Finally, a matter may only be appealed to the Supreme Court if the subject matter involves the resolution of a legal issue of general interest, namely if its clarification is important for purposes of legal consistency, predictability or development, or in the absence of coherent and previous decisions of the Supreme Court.

Foreign judgments

21. What procedures exist for recognition and enforcement of foreign judgments?

In addition to the numerous bilateral and multilateral instruments that Austria has concluded, the Austrian Enforcement Act, the Austrian Code of Civil Procedure and the Austrian Jurisdiction Act govern the recog- nition and enforcement of foreign judgments. In the case of a conflict between statutory law provisions and applicable treaty provisions, the latter will prevail. Although Austrian case law is not binding, it is given careful consideration.

Austria is a signatory to many bilateral and multilateral instru- ments. The most important in this regard is the Brussels Ia Regulation (Regulation (EU) No. 1215/2012 of 12 December 2012 on Jurisdiction and the Recognition and Enforcement of Judgments in Civil and Commercial Matters (Recast)). The Brussels Ia Regulation lays down uniform rules to facilitate the free circulation of judgments in the European Union and applies to legal proceedings instituted on or after 10 January 2015.

The Brussels Ia Regulation replaces Regulation (EU) 1215/2012 of 22 December 2000 (the Brussels I Regulation, together with the Brussels Ia Regulation, ‘the Brussels regime’), which remains applicable to all legal proceedings instituted prior to 10 January 2015.

The basic requirements for enforceability include the following:

  • the award is enforceable in the state of issuance of the judgment;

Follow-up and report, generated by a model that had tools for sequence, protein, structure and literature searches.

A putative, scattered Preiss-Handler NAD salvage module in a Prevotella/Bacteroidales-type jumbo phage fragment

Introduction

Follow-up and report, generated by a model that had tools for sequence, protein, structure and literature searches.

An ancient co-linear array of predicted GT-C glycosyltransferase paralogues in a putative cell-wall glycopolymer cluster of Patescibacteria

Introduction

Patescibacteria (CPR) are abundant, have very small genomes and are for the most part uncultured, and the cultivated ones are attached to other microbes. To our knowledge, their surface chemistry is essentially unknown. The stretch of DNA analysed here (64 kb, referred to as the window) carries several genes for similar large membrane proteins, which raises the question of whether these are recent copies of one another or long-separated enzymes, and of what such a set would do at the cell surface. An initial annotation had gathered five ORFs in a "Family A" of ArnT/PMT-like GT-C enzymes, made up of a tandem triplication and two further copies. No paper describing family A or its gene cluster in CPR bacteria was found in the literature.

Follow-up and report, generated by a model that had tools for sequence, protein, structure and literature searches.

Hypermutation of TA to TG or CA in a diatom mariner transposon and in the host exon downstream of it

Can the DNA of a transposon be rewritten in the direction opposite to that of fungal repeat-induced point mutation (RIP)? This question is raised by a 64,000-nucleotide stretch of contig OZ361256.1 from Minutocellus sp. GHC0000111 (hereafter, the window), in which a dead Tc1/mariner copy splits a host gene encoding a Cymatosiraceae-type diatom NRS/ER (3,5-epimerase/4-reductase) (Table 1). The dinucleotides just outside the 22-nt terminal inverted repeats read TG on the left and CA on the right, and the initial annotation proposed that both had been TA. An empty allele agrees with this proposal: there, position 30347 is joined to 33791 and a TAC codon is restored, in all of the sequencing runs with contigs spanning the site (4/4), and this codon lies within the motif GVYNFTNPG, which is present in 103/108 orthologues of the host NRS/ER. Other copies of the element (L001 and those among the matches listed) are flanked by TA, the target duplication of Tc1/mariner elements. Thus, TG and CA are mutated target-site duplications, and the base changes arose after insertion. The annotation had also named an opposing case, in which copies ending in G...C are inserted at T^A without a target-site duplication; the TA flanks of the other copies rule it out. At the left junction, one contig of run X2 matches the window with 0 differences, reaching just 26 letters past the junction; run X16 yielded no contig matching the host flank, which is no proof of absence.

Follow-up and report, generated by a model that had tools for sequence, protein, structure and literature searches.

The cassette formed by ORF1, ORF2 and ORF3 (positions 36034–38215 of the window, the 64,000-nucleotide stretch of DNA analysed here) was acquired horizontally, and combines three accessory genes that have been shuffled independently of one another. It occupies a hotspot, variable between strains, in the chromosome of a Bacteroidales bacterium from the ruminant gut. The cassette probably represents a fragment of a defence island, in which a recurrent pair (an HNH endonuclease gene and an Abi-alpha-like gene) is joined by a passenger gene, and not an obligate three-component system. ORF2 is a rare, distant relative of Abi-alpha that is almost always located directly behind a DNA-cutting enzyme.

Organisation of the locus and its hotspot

• an international treaty or domestic regulation expressly provides for reciprocity between Austria and the state of issuance in the recognition and enforcement of judgments;
  • the document instituting the proceedings was properly served on the defendant;
  • the judgment to be enforced is produced with a certified trans- lation; and
  • there are no grounds on which to refuse recognition of enforceability.

A party seeking enforcement must request leave for enforcement from the respective court. The application for a declaration of enforce- ability must be submitted to the court of the place where the debtor is domiciled. The party may combine this request with a request for an enforcement authorisation. In such a case, the court will decide on both simultaneously.

Once a foreign judgment has been declared enforceable in Austria, its execution follows the same rules as those for a domestic judgment, meaning that the enforcement of judgments is regulated by the Austrian Enforcement Act.

Foreign proceedings

22. Are there any procedures for obtaining oral or documentary evidence for use in civil proceedings in other jurisdictions?